I kept an eye on things for a while. Violet was one of my oldest friends and a sort of distant cousin as well. She didn’t have much family, or at least family that was of use, so me and her other friends tried to keep her safe. And the influencer stuff was working for her. She was working hard, having fun and enjoying herself as her followers grew. To be honest, I was having a lot of fun as well. I went with her to flea markets and book fairs to scour the place for the old cookbooks and housekeeping manuals that she loved and we poured over them together in whatever cramped coffee shop we found afterwards. Violet was thriving.

Then she got the book. The slim, tattered volume was tucked in the back of a box of a trader at a collector’s fair, along with some random 1980s cookbooks, bought from a house clearance company. I ignored it, but it caught Violet’s attention. It was a small volume with old recipes and it seemed to call to her.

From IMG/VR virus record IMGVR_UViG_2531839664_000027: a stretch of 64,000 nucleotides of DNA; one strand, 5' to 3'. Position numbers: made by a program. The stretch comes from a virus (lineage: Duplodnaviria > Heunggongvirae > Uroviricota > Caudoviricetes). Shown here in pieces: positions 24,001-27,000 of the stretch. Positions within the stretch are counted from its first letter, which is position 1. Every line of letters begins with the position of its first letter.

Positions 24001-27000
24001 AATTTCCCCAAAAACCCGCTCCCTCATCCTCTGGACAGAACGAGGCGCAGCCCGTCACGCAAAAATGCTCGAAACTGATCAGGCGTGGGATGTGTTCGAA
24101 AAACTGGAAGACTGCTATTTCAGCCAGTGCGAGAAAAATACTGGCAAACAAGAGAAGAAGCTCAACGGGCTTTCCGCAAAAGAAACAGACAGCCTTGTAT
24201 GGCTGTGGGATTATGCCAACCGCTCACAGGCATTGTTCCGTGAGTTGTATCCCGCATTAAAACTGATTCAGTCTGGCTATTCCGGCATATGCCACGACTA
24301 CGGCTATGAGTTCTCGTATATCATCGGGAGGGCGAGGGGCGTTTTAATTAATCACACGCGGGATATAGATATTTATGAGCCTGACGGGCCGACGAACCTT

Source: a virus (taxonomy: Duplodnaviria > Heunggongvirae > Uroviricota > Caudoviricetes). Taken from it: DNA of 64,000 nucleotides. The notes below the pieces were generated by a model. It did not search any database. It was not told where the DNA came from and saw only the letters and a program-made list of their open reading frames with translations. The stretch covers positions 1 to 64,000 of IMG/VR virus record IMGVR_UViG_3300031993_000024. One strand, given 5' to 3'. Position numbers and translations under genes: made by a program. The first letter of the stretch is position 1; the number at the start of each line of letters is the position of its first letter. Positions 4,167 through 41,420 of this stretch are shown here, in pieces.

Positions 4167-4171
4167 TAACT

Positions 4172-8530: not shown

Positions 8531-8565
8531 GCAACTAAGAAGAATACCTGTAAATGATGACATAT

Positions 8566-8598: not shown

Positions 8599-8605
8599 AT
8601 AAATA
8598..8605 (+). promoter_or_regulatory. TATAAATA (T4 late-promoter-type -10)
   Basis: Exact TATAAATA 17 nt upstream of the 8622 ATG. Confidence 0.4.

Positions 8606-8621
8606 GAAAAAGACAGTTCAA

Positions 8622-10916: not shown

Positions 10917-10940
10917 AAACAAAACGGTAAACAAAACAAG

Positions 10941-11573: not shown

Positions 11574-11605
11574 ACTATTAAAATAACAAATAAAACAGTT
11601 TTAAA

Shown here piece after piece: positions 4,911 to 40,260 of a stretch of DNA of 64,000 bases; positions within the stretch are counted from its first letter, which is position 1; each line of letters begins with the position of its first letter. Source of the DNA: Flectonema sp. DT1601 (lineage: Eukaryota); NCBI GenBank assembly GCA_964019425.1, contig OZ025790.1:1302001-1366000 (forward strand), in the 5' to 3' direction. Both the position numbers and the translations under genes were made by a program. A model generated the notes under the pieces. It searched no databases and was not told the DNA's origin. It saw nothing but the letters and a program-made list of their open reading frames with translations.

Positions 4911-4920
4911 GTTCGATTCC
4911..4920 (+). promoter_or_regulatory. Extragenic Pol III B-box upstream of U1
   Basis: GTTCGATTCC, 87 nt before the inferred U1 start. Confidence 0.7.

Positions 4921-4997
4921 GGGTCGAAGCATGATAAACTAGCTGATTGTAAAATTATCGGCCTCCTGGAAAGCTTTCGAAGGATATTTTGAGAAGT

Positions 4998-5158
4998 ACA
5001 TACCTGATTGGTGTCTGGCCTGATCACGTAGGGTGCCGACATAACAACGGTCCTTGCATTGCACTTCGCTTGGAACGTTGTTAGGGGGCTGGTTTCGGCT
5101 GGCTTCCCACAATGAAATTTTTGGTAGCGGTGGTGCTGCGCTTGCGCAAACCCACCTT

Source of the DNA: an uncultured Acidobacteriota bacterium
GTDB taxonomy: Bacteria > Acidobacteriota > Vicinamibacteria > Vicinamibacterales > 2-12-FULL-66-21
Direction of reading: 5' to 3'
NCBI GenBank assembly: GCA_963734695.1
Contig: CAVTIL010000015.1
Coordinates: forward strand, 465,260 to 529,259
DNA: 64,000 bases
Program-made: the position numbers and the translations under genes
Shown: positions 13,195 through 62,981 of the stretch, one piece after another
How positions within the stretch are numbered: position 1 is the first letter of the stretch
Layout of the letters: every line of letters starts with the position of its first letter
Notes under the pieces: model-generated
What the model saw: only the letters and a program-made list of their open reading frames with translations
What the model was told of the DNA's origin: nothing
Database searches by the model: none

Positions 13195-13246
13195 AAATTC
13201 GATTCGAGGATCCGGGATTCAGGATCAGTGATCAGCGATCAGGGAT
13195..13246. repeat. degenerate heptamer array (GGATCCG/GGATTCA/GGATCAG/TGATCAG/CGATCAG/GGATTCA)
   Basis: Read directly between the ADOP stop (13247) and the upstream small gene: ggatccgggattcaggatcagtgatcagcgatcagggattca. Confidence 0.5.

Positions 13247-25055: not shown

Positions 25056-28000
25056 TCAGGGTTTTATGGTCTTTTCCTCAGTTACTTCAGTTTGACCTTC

“Look at this,” she said, waving the book past my face. “It’s got little sayings around the edges of the text. Look – ‘Wilful Waste Makes Woeful Want’. It’s true, though, isn’t it? You always end up down if you waste stuff.”

I nodded hesitantly.

“And there’s a recipe for Wharfedale Pudding here. I’d never heard of that before,” Violet continued. “I can’t wait to try it.”